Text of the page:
Additionally, you can always ask the reviewers to host interviews of you on the site as well. Some reviewers also have podcasts and YouTube (often dubbed as BookTube) channels. You can request to appear for an author interview. The intention is to be more public because if people see you on their feed, or listen to you, your recall is higher. The top of the mine is equal to the tip of the tongue. They will be more inclined to check out your work and eventually, purchase a copy of your book! 

7. Author Website

We spoke about brand building, we spoke about social media marketing as well as interviews and reviews – but there has to be a place that your readers can turn to in case they want to know even more about you. So, where should they go? An author website, even if it’s a simple one-page affair, gives your curious readers exactly that. Ensure that your author website has a little bit of information about you, links to your work (even if it’s articles written for other publications), and a way to contact you via email or your social media handles. An author’s website gives you more credibility.

8. Leverage offers on bookseller sites

Bookselling sites like Amazon, especially their Kindle Direct Publishing platform, have a host of offers that you can leverage. Enrolling your e-book in their KDP Select Program is one. Of course, they come with their terms and conditions, and you have to abide by their rules. You could also consider putting your book up for FREE for the first 24 hours of the launch on Amazon. It would help with pushing the book towards the bestsellers list. Additionally, you can also look at offering a few pages as a sample.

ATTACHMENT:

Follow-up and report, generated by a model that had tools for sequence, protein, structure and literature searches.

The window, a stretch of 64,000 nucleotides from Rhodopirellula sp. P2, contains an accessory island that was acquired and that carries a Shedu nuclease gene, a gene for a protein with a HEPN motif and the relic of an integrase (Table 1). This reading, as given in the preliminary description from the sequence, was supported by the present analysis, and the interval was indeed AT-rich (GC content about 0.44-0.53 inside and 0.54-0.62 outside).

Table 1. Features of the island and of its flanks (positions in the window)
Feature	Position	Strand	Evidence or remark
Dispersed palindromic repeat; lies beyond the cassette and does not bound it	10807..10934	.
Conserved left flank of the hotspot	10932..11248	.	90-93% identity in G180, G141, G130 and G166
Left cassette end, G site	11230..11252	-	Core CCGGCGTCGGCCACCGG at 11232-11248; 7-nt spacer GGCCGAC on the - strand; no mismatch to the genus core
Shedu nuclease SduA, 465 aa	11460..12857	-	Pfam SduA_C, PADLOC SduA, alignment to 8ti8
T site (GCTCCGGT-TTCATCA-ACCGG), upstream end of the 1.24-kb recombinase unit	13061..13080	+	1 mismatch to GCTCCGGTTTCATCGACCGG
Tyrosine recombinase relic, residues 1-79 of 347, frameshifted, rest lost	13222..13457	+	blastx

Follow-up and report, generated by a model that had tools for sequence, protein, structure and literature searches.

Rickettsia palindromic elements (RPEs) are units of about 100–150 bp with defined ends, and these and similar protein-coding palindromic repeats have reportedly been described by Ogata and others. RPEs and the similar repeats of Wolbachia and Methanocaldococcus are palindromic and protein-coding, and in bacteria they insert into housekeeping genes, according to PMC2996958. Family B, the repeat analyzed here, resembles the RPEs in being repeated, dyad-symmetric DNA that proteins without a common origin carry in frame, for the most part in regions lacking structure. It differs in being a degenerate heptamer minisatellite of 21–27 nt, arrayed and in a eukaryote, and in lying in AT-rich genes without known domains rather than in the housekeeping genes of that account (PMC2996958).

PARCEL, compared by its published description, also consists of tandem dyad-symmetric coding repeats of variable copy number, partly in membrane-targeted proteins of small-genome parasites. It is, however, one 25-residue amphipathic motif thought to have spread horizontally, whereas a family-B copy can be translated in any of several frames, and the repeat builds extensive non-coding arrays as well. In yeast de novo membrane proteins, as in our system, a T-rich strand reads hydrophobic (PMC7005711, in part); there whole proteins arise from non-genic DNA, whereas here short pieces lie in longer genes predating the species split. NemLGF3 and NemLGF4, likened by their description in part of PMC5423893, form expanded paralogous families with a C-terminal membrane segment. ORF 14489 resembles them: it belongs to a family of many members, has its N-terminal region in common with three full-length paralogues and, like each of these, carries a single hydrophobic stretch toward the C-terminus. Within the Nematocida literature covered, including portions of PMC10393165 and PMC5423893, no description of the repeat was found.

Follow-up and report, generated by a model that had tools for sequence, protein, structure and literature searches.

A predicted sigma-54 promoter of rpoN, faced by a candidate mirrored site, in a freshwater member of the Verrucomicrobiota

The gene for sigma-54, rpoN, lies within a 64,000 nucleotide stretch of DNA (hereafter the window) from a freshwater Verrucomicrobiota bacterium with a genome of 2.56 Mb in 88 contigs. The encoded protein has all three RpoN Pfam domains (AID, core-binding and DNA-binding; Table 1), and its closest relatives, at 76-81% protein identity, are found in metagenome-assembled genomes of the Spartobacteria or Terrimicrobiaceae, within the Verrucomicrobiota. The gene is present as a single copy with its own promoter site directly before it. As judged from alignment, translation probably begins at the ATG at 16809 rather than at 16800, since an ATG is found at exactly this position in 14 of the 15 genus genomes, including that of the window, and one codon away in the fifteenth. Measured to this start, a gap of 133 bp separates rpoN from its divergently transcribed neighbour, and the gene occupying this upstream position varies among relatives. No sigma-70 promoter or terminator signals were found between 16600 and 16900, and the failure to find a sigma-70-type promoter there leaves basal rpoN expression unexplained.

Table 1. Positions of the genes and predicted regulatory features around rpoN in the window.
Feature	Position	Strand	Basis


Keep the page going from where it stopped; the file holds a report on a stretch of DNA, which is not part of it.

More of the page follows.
9. Creating a buzz

There are many online and offline book clubs that you can turn to in order to create a unique book launch. If you come up with something truly offbeat, you would get more people talking about your book and push your sales more! 

10. Make a checklist for book marketing

It is easy to get overwhelmed when realizing how much needs to be done to market your first book. Our advice is to make a checklist to keep a track of what has already been done and what needs to be done. 

Remember, you have a wonderful story to tell the world. We understand that it is pretty overwhelming to market your first book. But if you play your cards right, you just might make it easier for future book releases!